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Created

Date Created
  • 2013

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Design of a modified Cherry-Hooper transimpedance amplifier with DC offset cancellation

Description

Optical receivers have many different uses covering simple infrared receivers, high speed fiber optic communication and light based instrumentation. All of them have an optical receiver that converts photons to

Optical receivers have many different uses covering simple infrared receivers, high speed fiber optic communication and light based instrumentation. All of them have an optical receiver that converts photons to current followed by a transimpedance amplifier to convert the current to a useful voltage. Different systems create different requirements for each receiver. High speed digital communication require high throughput with enough sensitivity to keep the bit error rate low. Instrumentation receivers have a lower bandwidth, but higher gain and sensitivity requirements. In this thesis an optical receiver for use in instrumentation in presented. It is an entirely monolithic design with the photodiodes on the same substrate as the CMOS circuitry. This allows for it to be built into a focal-plane array, but it places some restriction on the area. It is also designed for in-situ testing and must be able to cancel any low frequency noise caused by ambient light. The area restrictions prohibit the use of a DC blocking capacitor to reject the low frequency noise. In place a servo loop was wrapped around the system to reject any DC offset. A modified Cherry-Hooper architecture was used for the transimpedance amplifier. This provides the flexibility to create an amplifier with high gain and wide bandwidth that is independent of the input capacitance. The downside is the increased complexity of the design makes stability paramount to the design. Another drawback is the high noise associated with low input impedance that decouples the input capacitance from the bandwidth. This problem is compounded by the servo loop feed which leaves the output noise of some amplifiers directly referred to the input. An in depth analysis of each circuit block's noise contribution is presented.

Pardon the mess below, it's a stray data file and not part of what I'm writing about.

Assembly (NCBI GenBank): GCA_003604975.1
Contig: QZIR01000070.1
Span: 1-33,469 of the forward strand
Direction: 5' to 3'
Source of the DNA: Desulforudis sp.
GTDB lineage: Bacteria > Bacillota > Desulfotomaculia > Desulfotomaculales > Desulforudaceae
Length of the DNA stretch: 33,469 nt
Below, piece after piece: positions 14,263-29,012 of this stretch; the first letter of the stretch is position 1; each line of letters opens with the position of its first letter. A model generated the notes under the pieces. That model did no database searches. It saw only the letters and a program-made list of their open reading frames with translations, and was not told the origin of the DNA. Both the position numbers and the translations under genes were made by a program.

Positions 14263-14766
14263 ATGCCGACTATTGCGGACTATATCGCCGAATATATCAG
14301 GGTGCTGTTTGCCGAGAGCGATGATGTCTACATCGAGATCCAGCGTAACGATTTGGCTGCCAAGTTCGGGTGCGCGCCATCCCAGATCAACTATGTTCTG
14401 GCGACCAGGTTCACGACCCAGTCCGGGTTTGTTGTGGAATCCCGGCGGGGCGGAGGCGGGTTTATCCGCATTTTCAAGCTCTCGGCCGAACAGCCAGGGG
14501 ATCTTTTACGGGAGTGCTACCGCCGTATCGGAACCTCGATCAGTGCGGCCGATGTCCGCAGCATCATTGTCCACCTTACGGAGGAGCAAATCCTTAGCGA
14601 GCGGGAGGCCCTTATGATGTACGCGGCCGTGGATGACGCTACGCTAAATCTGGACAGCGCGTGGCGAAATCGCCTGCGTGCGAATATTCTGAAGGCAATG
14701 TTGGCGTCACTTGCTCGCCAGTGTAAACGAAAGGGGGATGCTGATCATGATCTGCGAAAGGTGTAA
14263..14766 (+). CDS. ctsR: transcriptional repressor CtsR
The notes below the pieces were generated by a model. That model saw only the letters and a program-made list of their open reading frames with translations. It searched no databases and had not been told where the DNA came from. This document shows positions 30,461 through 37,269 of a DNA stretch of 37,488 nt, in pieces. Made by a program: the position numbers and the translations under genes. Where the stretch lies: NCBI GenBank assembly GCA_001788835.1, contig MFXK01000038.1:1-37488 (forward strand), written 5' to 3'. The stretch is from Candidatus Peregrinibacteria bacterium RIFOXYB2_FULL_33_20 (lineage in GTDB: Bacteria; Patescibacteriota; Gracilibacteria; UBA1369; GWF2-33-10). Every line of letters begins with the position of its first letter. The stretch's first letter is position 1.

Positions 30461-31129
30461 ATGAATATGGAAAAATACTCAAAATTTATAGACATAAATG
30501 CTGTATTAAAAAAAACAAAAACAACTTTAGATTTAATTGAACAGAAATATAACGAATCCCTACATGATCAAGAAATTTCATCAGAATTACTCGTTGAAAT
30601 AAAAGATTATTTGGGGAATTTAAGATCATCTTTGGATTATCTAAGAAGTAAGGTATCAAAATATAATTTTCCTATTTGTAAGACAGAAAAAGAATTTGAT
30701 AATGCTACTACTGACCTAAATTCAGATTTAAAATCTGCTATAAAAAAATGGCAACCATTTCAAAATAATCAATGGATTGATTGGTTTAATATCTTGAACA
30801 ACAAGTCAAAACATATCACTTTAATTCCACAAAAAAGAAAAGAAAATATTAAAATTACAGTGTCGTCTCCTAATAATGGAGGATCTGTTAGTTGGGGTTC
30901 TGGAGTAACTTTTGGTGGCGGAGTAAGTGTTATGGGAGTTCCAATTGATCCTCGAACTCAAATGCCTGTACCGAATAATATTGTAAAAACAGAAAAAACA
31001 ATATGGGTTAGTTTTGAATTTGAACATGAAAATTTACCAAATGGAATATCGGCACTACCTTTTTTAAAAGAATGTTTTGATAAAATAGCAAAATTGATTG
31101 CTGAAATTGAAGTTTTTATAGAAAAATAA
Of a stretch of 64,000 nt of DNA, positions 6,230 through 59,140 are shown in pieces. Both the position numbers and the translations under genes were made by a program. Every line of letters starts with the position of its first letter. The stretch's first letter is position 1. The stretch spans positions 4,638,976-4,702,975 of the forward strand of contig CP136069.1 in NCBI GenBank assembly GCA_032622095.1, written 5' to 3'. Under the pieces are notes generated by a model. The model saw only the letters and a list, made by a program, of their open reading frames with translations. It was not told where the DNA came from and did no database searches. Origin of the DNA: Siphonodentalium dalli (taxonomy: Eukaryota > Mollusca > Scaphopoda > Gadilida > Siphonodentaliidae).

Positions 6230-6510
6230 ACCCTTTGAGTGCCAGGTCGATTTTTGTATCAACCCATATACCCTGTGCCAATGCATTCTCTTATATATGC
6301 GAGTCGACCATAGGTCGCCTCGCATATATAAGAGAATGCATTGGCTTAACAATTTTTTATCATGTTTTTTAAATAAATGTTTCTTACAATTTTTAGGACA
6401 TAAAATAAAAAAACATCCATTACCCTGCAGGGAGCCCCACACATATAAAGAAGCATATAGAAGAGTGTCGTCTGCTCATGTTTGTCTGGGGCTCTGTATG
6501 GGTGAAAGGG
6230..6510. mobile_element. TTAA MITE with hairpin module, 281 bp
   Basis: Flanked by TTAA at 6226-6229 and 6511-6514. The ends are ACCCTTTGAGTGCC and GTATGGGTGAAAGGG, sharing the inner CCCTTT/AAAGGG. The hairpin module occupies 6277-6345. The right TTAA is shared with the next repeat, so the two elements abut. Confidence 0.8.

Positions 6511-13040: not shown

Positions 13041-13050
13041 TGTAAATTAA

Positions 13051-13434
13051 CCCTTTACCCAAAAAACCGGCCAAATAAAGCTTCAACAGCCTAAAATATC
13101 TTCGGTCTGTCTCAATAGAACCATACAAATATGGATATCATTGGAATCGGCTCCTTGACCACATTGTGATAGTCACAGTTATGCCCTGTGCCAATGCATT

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Created

Date Created
  • 2011

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Human-robot cooperation: communication and leader-follower dynamics

Description

As robotic systems are used in increasingly diverse applications, the interaction of humans and robots has become an important area of research. In many of the applications of physical human

As robotic systems are used in increasingly diverse applications, the interaction of humans and robots has become an important area of research. In many of the applications of physical human robot interaction (pHRI), the robot and the human can be seen as cooperating to complete a task with some object of interest. Often these applications are in unstructured environments where many paths can accomplish the goal. This creates a need for the ability to communicate a preferred direction of motion between both participants in order to move in coordinated way. This communication method should be bidirectional to be able to fully utilize both the robot and human capabilities. Moreover, often in cooperative tasks between two humans, one human will operate as the leader of the task and the other as the follower. These roles may switch during the task as needed. The need for communication extends into this area of leader-follower switching. Furthermore, not only is there a need to communicate the desire to switch roles but also to control this switching process. Impedance control has been used as a way of dealing with some of the complexities of pHRI. For this investigation, it was examined if impedance control can be utilized as a way of communicating a preferred direction between humans and robots. The first set of experiments tested to see if a human could detect a preferred direction of a robot by grasping and moving an object coupled to the robot. The second set tested the reverse case if the robot could detect the preferred direction of the human. The ability to detect the preferred direction was shown to be up to 99% effective. Using these results, a control method to allow a human and robot to switch leader and follower roles during a cooperative task was implemented and tested. This method proved successful 84% of the time. This control method was refined using adaptive control resulting in lower interaction forces and a success rate of 95%.